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There are ‘many things’ military needs to work on, says new head of Canada’s COVID vaccine rollout

Not yet a week after being given the command chair of Canada’s vaccine rollout after its previous occupant became the subject of a military investigation, Brig.-Gen. Krista Brodie says she is excited, but she’s also acknowledging the murky circumstances surrounding her appointment. “I’m feeling many things,” she said Thursday at her first appearance at the weekly vaccine briefing for media. “I’m feeling excited for the opportunity to be able to lead a logistics organization that is involved in such a monumental effort,” she said, before appearing to nod to the current controversies that have caused members of senior military leadership to step down. “There are many, many things that we need to be doing within the Canadian Armed Forces and

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Ontario has a new reopening plan. Here’s what that means for Toronto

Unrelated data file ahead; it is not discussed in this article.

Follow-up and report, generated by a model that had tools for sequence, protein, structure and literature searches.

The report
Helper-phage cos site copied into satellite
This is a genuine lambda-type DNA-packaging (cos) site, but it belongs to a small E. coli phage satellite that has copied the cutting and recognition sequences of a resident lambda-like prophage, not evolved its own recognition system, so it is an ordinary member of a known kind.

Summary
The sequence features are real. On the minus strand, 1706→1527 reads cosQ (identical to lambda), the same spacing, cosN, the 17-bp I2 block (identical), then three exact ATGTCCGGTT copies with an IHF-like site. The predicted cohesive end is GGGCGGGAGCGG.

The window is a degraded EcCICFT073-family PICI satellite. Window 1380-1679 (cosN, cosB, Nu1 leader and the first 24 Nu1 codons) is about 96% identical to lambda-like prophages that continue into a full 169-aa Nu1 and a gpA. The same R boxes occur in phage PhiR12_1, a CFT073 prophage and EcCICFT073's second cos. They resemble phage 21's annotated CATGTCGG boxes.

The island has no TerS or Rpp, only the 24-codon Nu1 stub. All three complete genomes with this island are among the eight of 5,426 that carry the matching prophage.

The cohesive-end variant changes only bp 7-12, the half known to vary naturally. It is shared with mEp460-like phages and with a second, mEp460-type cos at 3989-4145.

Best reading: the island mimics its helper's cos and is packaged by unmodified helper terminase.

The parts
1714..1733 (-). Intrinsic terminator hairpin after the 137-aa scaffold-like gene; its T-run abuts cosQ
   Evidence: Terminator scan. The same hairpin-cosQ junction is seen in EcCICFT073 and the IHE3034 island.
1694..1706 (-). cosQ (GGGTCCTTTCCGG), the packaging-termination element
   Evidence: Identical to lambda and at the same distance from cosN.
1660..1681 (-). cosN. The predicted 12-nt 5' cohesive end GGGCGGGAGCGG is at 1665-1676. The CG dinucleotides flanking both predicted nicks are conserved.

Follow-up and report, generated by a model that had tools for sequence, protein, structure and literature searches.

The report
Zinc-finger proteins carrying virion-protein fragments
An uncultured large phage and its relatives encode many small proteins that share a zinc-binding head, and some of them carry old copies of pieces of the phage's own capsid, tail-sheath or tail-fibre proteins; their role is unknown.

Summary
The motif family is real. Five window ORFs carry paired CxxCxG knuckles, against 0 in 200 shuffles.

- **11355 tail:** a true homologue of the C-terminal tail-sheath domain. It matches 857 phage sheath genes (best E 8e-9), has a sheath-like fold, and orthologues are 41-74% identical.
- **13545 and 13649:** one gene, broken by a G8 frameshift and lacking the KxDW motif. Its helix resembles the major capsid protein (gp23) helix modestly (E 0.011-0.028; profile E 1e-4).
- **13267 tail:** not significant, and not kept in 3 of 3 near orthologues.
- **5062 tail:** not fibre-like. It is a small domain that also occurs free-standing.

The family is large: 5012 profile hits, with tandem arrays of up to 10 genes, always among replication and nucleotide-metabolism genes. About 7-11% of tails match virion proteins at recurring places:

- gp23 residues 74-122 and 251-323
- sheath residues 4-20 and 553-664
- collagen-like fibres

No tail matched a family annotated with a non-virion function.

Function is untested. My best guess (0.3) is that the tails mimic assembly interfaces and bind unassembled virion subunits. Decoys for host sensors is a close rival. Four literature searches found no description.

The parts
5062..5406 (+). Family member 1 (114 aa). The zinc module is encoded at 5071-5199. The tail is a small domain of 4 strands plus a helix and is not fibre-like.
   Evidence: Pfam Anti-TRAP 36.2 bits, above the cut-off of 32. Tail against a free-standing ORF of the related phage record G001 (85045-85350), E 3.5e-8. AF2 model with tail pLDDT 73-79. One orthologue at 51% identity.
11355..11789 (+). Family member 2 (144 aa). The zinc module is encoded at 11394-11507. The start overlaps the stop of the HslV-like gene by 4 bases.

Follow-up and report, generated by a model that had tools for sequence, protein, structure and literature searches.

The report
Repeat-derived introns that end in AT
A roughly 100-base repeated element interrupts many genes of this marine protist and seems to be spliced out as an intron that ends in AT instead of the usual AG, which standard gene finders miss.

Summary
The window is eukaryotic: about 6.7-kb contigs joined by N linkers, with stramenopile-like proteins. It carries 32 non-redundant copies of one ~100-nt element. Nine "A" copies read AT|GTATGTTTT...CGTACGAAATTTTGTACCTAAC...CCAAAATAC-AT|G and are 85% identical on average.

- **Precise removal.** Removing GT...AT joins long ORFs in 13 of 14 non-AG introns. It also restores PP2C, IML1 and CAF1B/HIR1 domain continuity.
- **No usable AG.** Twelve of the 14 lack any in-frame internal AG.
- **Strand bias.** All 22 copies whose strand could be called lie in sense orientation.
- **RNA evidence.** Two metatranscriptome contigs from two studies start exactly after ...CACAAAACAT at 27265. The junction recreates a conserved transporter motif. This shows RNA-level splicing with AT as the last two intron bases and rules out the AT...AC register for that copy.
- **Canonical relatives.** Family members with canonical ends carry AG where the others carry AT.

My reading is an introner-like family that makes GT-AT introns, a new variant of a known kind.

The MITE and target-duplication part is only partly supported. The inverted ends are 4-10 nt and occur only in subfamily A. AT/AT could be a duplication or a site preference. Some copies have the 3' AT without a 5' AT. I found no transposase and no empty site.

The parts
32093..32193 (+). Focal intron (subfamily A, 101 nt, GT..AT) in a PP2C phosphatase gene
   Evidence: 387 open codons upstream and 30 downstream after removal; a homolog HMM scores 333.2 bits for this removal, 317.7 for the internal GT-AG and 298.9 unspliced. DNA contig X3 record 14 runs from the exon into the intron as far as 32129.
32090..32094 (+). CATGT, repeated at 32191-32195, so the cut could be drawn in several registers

Outdoor sports and recreational amenities can resume for the long weekend in Toronto and beyond, Premier Doug Ford announced on Thursday. The province also announced a three-step plan for further reopening, based on what percentage of people are vaccinated in the province, regardless of what the vaccination rate is in Toronto. Here’s what that means for Toronto residents: Previously closed outdoor facilities permitted as of this Saturday include: Baseball diamonds and batting cages Basketball courts Bike trails, BMX and skate parks Boat launches and marinas Golf courses and Frisbee golf Horse riding Lawn bowling Playgrounds and outdoor fitness equipment Soccer, football and other sports fields Tennis and table tennis No team sports will be permitted and people must still properly

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Keep strong public health measures in place when Ontario’s stay-at-home order ends, expert advisers say